The CUDA runtime makes it possible to compile and link your CUDA kernels into executables. This means that you don’t have to distribute cubin files with your application, or deal with loading them through the driver API. As you have noted, it is generally easier to use.
In contrast, the driver API is harder to program but provided more control over how CUDA is used. The programmer has to directly deal with initialization, module loading, etc.
Apparently more detailed device information can be queried through the driver API than through the runtime API. For instance, the free memory available on the device can be queried only through the driver API.
From the CUDA Programmer’s Guide:
It is composed of two APIs:
- A low-level API called the CUDA driver API,
- A higher-level API called the CUDA runtime API that is implemented on top of
the CUDA driver API.
These APIs are mutually exclusive: An application should use either one or the
The CUDA runtime eases device code management by providing implicit
initialization, context management, and module management. The C host code
generated by nvcc is based on the CUDA runtime (see Section 4.2.5), so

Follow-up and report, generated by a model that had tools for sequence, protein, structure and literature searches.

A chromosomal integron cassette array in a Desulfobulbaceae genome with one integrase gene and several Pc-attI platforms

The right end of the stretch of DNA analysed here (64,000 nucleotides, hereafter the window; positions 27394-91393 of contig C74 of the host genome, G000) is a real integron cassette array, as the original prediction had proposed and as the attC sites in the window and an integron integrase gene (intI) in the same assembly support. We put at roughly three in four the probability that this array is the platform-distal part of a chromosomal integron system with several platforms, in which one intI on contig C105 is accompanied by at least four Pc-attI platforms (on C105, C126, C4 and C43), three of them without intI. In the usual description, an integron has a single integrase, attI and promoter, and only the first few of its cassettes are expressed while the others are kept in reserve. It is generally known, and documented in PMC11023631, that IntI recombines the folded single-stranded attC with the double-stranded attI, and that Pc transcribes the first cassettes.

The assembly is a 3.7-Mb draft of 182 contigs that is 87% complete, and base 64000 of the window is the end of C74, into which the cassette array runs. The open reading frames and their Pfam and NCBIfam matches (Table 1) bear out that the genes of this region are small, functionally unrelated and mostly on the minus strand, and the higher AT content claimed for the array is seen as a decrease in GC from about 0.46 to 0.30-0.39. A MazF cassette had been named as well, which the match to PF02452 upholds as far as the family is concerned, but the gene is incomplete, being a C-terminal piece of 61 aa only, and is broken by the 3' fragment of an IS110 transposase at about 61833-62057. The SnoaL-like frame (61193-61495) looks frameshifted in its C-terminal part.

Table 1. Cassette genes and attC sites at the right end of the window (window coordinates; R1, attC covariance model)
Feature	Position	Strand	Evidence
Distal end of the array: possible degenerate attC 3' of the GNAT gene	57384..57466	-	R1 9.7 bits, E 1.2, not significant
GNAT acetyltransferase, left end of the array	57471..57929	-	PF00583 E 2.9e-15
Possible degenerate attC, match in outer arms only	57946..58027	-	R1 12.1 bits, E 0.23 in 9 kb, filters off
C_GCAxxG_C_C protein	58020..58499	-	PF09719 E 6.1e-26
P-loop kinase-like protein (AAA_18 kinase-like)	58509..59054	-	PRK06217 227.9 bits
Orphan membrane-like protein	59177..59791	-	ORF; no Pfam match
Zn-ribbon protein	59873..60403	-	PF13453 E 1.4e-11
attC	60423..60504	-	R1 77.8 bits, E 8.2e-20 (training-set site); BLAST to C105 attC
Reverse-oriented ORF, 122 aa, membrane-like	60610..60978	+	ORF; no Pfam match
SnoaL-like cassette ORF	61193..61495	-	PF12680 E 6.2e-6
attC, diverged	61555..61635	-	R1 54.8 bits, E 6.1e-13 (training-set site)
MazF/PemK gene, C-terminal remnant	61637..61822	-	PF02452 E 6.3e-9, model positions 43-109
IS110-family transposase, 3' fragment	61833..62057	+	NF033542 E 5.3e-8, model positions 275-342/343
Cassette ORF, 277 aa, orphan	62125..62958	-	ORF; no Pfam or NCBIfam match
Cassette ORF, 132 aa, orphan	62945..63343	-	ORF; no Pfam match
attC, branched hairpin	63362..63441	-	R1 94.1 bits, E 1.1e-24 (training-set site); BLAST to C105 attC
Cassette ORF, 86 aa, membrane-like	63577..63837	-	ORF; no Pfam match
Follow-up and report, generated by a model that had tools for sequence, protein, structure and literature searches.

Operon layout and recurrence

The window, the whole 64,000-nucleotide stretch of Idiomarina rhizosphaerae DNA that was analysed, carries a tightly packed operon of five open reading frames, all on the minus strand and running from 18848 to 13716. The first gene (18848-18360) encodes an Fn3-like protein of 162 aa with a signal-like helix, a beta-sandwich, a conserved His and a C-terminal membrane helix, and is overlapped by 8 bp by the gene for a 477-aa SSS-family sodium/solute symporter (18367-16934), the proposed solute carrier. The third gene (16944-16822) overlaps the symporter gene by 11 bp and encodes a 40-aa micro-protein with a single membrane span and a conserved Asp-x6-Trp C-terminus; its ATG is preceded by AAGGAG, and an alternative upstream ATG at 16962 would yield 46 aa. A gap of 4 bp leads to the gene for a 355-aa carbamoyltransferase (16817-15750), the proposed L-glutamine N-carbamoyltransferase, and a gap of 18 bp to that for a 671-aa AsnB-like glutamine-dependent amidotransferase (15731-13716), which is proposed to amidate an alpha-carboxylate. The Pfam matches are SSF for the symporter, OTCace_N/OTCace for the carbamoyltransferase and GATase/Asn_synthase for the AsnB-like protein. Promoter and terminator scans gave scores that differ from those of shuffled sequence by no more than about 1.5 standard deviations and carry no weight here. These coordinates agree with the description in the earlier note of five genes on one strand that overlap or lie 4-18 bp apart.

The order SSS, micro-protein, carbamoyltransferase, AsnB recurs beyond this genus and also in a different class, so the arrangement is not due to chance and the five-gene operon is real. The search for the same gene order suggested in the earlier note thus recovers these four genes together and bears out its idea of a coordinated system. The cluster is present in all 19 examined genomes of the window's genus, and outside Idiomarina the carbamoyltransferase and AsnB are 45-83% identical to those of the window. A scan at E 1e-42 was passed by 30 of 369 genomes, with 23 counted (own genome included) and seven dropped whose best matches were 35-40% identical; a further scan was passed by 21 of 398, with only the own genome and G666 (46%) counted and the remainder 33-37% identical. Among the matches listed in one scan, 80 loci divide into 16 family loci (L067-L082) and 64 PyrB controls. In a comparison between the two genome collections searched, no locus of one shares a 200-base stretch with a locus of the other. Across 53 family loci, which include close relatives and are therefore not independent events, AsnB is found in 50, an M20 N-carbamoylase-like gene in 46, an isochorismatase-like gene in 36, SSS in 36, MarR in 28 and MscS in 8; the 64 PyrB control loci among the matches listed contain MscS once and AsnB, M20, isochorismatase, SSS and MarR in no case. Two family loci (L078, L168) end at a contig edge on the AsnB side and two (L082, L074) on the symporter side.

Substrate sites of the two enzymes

applications that link to this code must use the CUDA runtime API.
In contrast, the CUDA driver API requires more code, is harder to program and
debug, but offers a better level of control and is language-independent since it only
deals with cubin objects (see Section 4.2.5). In particular, it is more difficult to
configure and launch kernels using the CUDA driver API, since the execution
configuration and kernel parameters must be specified with explicit function calls
instead of the execution configuration syntax described in Section 4.2.3. Also, device
emulation (see Section 220.127.116.11) does not work with the CUDA driver API.
There is no noticeable performance difference between the API’s. How your kernels use memory and how they are laid out on the GPU (in warps and blocks) will have a much more pronounced effect.